Rumble Run - New Details On Upcoming Solo Content + Looking Back At Adventures
Like with the past few expansions, Hearthstone is getting some new solo content to play through! Here's everything we've learned about the mode so far.
- Rumble Run releases on December 13th, 9 days after the expansion launch.
- Shrines - Passives! They sit on the board giving you a special effect. They can be destroyed, but they will respawn after 3 turns.
- Like other solo content recently added to Hearthstone, successful wins let you add more cards to your run's deck.
- They really want to celebrate each of the teams (classes). Overpowered fights had to be done.
- You will fight eight opponents - all the other teams. Each team has 3 different shrines, and 3 champions so your runs won't always be the same.
- Rikkar is your champion you play with. He evolves over the run. He doesn't have a team to start with, that's up to you.
- You earn "Prize Fighters" for successful clears. Pick your own teammates.
- We'll get to play as the champions in "a series of" Tavern Brawls.
Adventures of Old
- The old way of doing solo content, adventures, didn't work out for them due to not having enough cards for a meta.
- Adventures needed to be easy so everyone could unlock the cards.
- The low replayability of adventures was also a problem that needed to be solved.
Frozen Throne - "Linear Battles"
- Knights of the Frozen Throne was the first expansion with the missions team. They went with the old formula, "linear battles" because it was known to work.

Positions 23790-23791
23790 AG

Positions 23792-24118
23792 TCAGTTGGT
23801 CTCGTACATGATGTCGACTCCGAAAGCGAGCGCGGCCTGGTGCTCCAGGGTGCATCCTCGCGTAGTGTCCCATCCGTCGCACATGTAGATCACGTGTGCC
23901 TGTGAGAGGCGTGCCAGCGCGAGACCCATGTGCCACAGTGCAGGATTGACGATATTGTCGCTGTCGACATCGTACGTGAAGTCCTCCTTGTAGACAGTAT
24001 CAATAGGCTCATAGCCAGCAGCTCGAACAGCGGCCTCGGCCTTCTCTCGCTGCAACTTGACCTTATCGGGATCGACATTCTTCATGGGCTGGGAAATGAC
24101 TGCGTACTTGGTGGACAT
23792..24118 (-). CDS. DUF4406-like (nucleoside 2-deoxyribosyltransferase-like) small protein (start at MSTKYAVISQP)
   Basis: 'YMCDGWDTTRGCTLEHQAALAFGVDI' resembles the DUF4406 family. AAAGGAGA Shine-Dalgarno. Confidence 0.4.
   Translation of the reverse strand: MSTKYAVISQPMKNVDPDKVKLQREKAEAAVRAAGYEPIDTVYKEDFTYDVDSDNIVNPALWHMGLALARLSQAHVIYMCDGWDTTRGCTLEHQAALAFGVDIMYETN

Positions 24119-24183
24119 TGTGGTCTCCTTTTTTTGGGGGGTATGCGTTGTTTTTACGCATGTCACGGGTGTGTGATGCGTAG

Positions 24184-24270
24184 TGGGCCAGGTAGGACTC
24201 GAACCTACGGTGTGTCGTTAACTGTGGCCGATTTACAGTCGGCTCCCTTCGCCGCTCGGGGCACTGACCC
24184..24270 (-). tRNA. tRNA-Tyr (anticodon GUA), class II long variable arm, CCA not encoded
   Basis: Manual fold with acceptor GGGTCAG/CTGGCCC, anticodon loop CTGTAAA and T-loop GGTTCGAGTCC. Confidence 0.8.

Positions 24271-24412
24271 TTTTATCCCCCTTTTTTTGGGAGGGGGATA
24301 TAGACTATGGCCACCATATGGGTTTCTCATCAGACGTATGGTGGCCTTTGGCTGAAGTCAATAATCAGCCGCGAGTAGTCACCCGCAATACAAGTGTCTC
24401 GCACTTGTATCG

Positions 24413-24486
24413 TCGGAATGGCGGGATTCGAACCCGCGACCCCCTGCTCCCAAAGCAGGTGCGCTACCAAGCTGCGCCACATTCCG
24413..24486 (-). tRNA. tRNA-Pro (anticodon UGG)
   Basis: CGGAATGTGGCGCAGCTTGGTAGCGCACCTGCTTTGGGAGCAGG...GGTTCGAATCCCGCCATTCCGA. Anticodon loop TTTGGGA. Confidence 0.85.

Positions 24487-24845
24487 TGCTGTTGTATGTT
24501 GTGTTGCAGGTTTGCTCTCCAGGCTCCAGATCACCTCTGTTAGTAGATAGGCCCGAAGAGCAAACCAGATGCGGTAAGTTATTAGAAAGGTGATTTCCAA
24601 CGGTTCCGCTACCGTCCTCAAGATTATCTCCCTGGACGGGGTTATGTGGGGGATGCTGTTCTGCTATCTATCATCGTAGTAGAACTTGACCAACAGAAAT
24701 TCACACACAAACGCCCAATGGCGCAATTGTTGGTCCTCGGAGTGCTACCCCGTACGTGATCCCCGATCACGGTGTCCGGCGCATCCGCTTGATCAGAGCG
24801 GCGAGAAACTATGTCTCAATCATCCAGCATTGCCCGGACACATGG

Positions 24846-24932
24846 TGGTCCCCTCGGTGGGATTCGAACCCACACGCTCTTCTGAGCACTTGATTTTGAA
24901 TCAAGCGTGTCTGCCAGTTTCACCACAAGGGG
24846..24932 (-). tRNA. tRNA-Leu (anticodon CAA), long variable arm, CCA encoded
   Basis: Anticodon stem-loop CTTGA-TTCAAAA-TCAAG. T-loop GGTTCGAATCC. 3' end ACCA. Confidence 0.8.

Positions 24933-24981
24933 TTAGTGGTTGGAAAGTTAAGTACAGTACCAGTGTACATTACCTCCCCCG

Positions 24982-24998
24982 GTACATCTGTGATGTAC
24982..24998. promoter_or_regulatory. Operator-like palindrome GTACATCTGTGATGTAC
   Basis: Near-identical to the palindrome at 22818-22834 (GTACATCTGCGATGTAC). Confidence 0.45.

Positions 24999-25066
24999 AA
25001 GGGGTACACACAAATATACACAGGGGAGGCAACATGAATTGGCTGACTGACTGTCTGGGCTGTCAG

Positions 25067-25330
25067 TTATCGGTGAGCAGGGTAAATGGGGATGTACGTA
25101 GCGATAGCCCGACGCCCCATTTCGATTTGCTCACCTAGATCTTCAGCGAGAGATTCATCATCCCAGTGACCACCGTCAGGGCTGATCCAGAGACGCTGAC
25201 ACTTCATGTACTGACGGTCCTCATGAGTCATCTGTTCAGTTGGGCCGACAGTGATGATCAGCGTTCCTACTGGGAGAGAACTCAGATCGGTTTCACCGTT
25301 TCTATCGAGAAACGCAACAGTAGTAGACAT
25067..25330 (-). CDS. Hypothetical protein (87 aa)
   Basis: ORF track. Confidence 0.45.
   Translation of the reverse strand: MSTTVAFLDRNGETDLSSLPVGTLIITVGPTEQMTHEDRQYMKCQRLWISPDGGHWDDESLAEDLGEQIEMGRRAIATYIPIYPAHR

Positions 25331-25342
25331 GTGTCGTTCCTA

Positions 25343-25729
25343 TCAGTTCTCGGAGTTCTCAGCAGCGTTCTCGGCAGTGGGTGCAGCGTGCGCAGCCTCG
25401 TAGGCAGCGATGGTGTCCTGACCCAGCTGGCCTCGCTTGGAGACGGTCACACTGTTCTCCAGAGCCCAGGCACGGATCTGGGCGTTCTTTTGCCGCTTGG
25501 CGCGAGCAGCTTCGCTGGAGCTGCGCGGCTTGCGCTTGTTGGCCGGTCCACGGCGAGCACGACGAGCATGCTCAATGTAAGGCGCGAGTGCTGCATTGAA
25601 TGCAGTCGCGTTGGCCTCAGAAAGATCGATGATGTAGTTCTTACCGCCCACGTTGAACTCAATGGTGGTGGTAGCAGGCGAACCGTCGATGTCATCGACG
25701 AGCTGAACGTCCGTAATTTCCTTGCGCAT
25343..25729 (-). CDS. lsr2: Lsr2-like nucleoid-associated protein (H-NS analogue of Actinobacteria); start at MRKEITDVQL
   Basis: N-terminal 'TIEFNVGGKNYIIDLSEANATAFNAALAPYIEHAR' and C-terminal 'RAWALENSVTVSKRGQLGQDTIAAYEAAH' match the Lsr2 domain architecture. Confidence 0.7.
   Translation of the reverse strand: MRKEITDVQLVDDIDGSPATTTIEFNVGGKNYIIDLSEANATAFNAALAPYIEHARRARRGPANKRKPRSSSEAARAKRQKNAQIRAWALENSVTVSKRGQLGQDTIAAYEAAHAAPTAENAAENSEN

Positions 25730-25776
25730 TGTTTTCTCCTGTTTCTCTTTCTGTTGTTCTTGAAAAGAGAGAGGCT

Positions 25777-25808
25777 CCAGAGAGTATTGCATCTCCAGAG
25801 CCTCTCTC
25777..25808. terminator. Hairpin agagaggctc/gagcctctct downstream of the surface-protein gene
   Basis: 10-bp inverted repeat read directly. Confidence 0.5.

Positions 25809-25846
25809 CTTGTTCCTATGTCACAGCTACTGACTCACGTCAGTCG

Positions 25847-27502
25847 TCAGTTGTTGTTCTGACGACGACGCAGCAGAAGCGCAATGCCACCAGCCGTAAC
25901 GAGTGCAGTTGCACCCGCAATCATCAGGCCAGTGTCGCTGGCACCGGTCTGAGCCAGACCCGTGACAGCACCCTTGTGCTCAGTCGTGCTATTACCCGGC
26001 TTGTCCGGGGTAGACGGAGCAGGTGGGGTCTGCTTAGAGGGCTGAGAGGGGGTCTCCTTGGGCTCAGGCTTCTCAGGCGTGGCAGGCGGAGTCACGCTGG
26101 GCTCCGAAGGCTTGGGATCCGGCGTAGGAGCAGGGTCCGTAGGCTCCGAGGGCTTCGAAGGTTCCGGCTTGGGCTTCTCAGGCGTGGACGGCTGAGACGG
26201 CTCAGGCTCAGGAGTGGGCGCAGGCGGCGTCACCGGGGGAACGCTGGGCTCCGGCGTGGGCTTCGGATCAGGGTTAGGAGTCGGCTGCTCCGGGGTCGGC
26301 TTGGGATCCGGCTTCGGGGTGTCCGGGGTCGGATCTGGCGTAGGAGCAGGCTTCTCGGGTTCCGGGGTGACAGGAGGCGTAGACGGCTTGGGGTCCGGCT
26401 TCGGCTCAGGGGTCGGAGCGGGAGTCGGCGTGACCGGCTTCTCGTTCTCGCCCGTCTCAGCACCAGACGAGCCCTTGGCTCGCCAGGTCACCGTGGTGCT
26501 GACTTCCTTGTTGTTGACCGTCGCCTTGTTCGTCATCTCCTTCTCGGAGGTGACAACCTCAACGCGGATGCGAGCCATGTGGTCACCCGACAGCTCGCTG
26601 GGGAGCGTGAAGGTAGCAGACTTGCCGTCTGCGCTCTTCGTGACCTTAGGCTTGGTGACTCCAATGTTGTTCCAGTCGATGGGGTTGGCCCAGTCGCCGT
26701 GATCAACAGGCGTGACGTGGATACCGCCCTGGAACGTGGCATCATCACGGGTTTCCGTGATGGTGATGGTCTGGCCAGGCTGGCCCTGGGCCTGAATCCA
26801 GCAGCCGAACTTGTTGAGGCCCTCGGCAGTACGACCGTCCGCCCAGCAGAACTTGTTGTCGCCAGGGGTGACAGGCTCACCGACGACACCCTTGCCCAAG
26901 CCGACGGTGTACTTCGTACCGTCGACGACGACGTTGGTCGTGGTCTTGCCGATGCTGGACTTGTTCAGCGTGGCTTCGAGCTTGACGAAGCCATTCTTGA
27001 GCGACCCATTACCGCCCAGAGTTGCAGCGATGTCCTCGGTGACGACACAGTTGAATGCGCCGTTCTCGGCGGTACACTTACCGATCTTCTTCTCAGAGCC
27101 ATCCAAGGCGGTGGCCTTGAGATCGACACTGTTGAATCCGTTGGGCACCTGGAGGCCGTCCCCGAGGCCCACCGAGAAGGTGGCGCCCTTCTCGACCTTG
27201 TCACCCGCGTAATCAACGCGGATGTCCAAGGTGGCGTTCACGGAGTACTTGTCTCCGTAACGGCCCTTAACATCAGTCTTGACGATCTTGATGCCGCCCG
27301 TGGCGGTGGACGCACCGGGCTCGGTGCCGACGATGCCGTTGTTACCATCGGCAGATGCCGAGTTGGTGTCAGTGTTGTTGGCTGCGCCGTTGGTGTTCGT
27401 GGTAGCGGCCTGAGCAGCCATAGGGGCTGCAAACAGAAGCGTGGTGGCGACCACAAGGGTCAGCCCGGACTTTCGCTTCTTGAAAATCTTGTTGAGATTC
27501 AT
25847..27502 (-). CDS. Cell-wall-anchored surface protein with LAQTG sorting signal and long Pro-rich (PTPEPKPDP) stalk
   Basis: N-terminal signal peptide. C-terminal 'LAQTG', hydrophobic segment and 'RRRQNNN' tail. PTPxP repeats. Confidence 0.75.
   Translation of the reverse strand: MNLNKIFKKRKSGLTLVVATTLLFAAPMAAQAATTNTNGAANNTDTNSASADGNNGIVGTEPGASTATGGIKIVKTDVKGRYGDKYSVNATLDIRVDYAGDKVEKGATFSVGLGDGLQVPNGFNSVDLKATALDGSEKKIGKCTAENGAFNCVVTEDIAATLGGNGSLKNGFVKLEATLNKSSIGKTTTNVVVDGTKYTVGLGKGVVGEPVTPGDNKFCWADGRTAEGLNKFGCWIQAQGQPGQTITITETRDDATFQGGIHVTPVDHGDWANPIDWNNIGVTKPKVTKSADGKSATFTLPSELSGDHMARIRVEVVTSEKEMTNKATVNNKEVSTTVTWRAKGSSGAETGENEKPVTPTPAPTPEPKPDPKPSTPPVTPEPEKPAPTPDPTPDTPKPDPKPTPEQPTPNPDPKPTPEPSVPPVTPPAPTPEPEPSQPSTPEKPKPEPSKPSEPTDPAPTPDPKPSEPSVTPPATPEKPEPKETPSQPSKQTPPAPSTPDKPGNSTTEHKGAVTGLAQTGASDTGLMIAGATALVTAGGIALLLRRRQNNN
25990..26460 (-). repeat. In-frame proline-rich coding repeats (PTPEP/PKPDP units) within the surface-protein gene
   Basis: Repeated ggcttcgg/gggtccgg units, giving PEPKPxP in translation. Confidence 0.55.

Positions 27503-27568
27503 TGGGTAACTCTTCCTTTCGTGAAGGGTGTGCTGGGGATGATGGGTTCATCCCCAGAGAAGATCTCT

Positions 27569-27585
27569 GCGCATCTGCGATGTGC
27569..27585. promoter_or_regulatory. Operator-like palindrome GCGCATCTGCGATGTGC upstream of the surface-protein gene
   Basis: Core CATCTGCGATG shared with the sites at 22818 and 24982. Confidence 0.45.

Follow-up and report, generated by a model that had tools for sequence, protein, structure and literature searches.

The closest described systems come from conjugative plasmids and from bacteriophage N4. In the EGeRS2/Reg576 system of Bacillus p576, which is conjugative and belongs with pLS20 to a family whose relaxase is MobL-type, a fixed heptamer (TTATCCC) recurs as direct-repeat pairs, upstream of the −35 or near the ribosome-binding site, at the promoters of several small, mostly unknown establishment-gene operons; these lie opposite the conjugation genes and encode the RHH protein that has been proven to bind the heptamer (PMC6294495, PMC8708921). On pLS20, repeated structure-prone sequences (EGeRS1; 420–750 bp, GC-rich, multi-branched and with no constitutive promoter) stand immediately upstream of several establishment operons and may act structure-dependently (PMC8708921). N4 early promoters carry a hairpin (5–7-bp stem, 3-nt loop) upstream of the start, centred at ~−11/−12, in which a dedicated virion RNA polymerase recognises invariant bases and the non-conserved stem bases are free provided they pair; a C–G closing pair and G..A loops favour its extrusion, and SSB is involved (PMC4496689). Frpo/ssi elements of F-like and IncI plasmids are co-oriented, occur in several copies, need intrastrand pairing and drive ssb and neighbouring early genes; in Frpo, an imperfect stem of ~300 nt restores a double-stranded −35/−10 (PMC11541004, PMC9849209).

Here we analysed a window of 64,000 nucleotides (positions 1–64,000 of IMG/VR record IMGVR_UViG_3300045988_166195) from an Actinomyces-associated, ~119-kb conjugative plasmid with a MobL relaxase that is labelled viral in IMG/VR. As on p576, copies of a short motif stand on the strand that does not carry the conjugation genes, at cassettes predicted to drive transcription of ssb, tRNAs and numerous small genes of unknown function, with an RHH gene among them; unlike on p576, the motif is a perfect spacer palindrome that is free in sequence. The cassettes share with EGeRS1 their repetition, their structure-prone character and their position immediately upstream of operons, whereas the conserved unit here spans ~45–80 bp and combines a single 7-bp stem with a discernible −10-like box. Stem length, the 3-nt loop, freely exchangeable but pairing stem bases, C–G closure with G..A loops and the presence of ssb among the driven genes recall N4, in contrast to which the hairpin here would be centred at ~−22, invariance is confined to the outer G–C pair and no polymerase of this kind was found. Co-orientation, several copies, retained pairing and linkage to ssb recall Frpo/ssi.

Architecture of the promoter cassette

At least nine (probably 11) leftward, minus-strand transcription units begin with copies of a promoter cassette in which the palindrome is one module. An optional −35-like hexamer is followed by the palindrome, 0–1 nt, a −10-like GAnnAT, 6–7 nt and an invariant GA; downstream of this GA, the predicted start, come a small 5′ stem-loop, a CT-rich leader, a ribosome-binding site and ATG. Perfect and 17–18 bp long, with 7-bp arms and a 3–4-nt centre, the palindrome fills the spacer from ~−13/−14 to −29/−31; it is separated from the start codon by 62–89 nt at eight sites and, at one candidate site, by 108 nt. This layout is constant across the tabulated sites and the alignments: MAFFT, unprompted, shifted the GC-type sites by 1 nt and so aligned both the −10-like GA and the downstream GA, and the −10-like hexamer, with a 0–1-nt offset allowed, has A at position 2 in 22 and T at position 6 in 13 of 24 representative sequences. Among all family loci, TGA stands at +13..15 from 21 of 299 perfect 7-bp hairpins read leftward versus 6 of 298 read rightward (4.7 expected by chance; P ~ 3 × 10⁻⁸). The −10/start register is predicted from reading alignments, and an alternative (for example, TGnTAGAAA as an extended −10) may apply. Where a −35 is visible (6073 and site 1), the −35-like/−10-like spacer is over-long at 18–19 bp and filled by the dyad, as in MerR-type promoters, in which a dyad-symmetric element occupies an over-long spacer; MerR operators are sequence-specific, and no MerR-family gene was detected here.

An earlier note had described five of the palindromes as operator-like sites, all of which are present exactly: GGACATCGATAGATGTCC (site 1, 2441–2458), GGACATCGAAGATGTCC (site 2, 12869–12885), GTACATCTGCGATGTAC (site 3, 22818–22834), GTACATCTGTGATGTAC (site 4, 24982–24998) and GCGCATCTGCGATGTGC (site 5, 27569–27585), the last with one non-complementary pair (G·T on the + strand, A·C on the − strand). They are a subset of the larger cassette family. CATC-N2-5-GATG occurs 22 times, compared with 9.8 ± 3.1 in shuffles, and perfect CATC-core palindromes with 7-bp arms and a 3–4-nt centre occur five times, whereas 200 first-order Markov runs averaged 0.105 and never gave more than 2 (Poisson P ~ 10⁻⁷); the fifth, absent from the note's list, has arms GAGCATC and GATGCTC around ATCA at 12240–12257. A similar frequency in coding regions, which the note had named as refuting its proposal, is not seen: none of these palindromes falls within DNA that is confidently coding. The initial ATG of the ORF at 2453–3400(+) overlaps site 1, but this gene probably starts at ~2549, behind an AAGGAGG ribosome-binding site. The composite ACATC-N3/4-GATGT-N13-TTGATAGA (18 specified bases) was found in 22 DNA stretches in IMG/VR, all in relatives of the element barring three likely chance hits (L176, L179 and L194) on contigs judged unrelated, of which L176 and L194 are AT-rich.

- The Lich King fight originally had you getting trapped into Frostmourne with a janky animation that made your game look like it bugged out.
- During QA of the Lich King fight, it was reported that the "Shut Up, Priest" could be stolen. They used that as an opportunity for an easter egg.
- There were several easter eggs within the Frozen Throne adventure that not many people found.
- One easter egg that didn't have many mentions online was the one when fighting The Lich King as a Paladin, turning yourself into Uther of the Ebon Blade and using hero power allowed him to collect your cards. When at 3 out of 4 Horsemen collected, he would say that it would be embarrassing it would be if he collected them all.
- Making the adventure more challenging then usual due to no card rewards turned out to be a positive. They learned players enjoy the challenge and lots of people played.
Kobolds / Witchwood - "Build As You Go"
- One of the big focuses was to make the content replayable. It's sad when they create content that doesn't get to be seen again.
- Making deckbuilding less intimidating was another priority. Lots of players beat the Lich King thanks to the deck copy feature.
- Increasing the challenge even more than before was their final goal for the modes.
- The initial prototype for Dungeon Run saw you playing as Mage and the entire running being just one very long game.
- When the boss died, the board would be reset, you'd pick your bucket of cards in a discover selection, and the new boss would start.
- A fun bug in the prototype caused Arcane Giant to be playable for 0 mana on turn 1 - they didn't reset the spell count between bosses.
- Thanks to that bug, it lead to the special treasure cards which got stronger as your run continued.
- Originally there were 12 bosses to beat each run instead of the 8 we got. They found the decks were too big and the bosses had too much health though which made it less fun.
- You were able to pick your boss in addition to the loot you got. It felt like a negative experience though if you didn't know what each boss did and you lost to them.
- They experimented with Tower Defense a lot with Witchwood. It's a mechanic they are always trying to get into the game.
- Darius Crowley became Hearthstone's Tower Defense and the first hero added to Monster Hunt.
- The final boss in the Witchwood prototype was Jaraxxus.